This is/was an interview question I got two weeks ago.
Find where the loop begins in simple linked list.
I hope this figure will help understand what I mean :

[LEFT][1] ->[2] ->[3] ->[4] ->[5] 
            ^           |
            |           U
           [10]        [6]
            ^           |
            |           U
           [9]<- [8]<- [7][/LEFT]

If not the figure take a look at this where I make the error.

[LEFT]int main(void)
[LEFT]{
struct list 
 {
 int  val;
 struct list *pnext;
 } *phead, *plast, *pptr, *ploop, **pptmp, *p1, *p2;
int    i;
phead = NULL;
pptmp = &phead;
for ( i = 1 ; i <= 10 ; ++i )
  {
  plast = (*pptmp) = malloc(sizeof(*phead)) ;
  (*pptmp)->val = i;
  (*pptmp)->pnext = NULL;
  if ( i == 3 )
      ploop = (*pptmp);
  pptmp = &(*pptmp)->pnext;
  }[/LEFT]
 
 
[LEFT]/* Doing the error !!!!!!!!!! */
plast->pnext = ploop;[/LEFT]
 
 
[LEFT]/* Trying to find the error. e.g. cell 10 */
/* Not its value of course but its address */
getchar();
return(0);
}[/LEFT]

[/LEFT]


My solutions :
1) If we have a filed in the struct which his value
is known to us. We can loop throw the list checking
if it is the value known to us, else chaning it to something else.
When we encounter the changed value, the previous cell
is the beging of the loop.
2) Allocating an array of pointers. Looping throw the list
and adding its address to the array. Every time we had
a new address we check if it is not in the array.
If it is in the array the previous cell is the beging
of the loop.

Anybody has other solutions ?
Thanks in advance.


To me node three is the start of the loop, not node two or node 10, both of which point to node three. I agree that node 10 is where the error is, if you are looking for the error, but it isn't where the loop begins, IMO.

In any case, I think the second protocol you describe seems most likely to succeed, though I'm not sure the code you posted reproduces the loop you drew. In particular I question why you made pptemp a pointer to pointer instead of just a pointer. The following makes more sense to me, though I admit I have not compiled either your version or mine.

//declare node struct to create list from
 struct list 
 {
     int  val;
     list *pnext;
 } 

int main()
{
    list *phead, *plast, *ploop, *pptmp;  //pointers to use 
    int    i;

    for ( i = 1 ; i <= 10 ; ++i )  //create total of 10 list objects
    {
      //declare memory for a new list object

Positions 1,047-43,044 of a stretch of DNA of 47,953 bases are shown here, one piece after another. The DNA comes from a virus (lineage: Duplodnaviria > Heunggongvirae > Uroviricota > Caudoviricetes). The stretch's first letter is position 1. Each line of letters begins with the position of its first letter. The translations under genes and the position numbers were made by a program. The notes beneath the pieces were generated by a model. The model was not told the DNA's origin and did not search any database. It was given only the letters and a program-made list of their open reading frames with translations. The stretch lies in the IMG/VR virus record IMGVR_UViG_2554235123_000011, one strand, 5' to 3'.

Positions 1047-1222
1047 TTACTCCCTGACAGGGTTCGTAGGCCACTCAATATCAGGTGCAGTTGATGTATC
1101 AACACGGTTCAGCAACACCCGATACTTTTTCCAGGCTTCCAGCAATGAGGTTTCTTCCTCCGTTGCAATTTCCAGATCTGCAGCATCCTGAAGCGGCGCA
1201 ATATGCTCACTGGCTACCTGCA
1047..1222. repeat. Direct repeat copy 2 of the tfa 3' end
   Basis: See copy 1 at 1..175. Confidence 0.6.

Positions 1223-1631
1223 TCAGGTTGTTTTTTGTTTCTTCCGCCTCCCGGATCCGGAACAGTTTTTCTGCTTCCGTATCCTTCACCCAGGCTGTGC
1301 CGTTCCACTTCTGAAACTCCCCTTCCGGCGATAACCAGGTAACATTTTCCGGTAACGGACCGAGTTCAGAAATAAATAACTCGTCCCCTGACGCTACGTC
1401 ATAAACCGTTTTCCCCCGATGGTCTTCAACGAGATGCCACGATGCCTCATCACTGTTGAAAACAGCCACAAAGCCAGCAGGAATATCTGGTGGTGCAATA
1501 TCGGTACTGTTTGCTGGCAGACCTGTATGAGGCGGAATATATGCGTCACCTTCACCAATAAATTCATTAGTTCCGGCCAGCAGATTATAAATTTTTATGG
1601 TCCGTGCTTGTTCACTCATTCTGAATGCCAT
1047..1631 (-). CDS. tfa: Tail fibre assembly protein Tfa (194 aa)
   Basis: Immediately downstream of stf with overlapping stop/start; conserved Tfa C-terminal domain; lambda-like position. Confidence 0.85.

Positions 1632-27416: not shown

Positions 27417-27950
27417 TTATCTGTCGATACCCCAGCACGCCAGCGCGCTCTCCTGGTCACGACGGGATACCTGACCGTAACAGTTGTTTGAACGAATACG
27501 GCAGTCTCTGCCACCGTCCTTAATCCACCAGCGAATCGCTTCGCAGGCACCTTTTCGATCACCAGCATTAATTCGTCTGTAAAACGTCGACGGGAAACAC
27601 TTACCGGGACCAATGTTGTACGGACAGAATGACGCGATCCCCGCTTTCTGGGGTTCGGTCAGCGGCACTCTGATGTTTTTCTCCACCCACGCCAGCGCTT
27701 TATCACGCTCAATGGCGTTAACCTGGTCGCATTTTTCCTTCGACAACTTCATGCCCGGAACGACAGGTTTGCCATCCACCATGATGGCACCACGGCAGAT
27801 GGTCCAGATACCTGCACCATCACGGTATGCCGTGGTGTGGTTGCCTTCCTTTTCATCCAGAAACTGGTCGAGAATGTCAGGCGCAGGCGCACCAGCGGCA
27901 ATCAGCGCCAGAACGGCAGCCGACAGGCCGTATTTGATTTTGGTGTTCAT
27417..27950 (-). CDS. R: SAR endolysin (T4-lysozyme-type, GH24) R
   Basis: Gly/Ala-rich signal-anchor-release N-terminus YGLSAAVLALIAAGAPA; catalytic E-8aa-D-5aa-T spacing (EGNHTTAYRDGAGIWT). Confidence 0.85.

pptmp  = new list ;        

      //initialize each objects member variables
      pptmp->val = i;
      pptmp->pnext = NULL;

      //keep track of the desired place to create the loop
      if ( i == 3 )
        ploop = pptmp;

      //create the list 
      if(i == 1)
        plast = phead = pptemp;
      else
      {
        plast->next = pptmp;
        plast = plast->pnext;
      }
    }
 
 
  /* Doing the error !!!!!!!!!! */
  /*create the loop*/
  plast->pnext = ploop;
 
 
  /* Trying to find the error. e.g. cell 10 */
  /* Not its value of course but its address */
  getchar();
  return 0;
}

> 1) If we have a filed in the struct which his value is known to us
Seems good to me - no extra storage needed, like working out how to allocate a big enough array of pointers. Also, checking time increases with the length of the list.

Call the new member say bool seen;

while ( node && !node->seen ) {
  node->seen = true;
  node = node->next;
}
if ( node ) {
  // I'm the start of the loop
}

Thank you guys, Lerner and Salem.
But I wasnt interstead in the way to implenent the code.
But rather, other ideas then mine to find node 10.

How many more ideas do you want?

You already have two perfectly feasible answers.

Or is this a game of "guess which answer the interviewer" decided was the right approach?

How about
- a solution based on sets
- a solution based on hashes
- a solution based on strings

Pick any other data structure you like which has some concept of "membership" and try that.

How many more ideas do you want?

I apologize for upsetting you.
Sorry.

But maybe someone else will have a better solution.

I think "better" is in the eye of the beholder. For example: is it better to be short and obfuscated or lenthy and perfectly readable. Answer: Depends on what constraints you have. If memory is at a premium it's better to be short and obfuscated. If not, it's better to lenthy and perfectly readable. In this setting I would choose an approach I could justify and be able to explain clearly why I'm doing what I'm doing. That way even if I don't happen to hit the format "desired", if there is a format desired, I can defend my approach. Often it's not whether you get the right answer but how do approach the problem, how do you communicate your approach, and then if it isn't working out for you alone, someone else can help you come up with a workable solution, a more palatable solution, a "better" solution.

I think a good solution is to check if you've reached a node the second time only on nodes whose distance from the beginning is a power of two. This lets you find a loop in linear time. From this you can also use divide and conquer to find the starting point of the loop in linear time.

Using a hash would also be linear time (usually), but probably slower.

This article has been dead for over six months. Start a new discussion instead.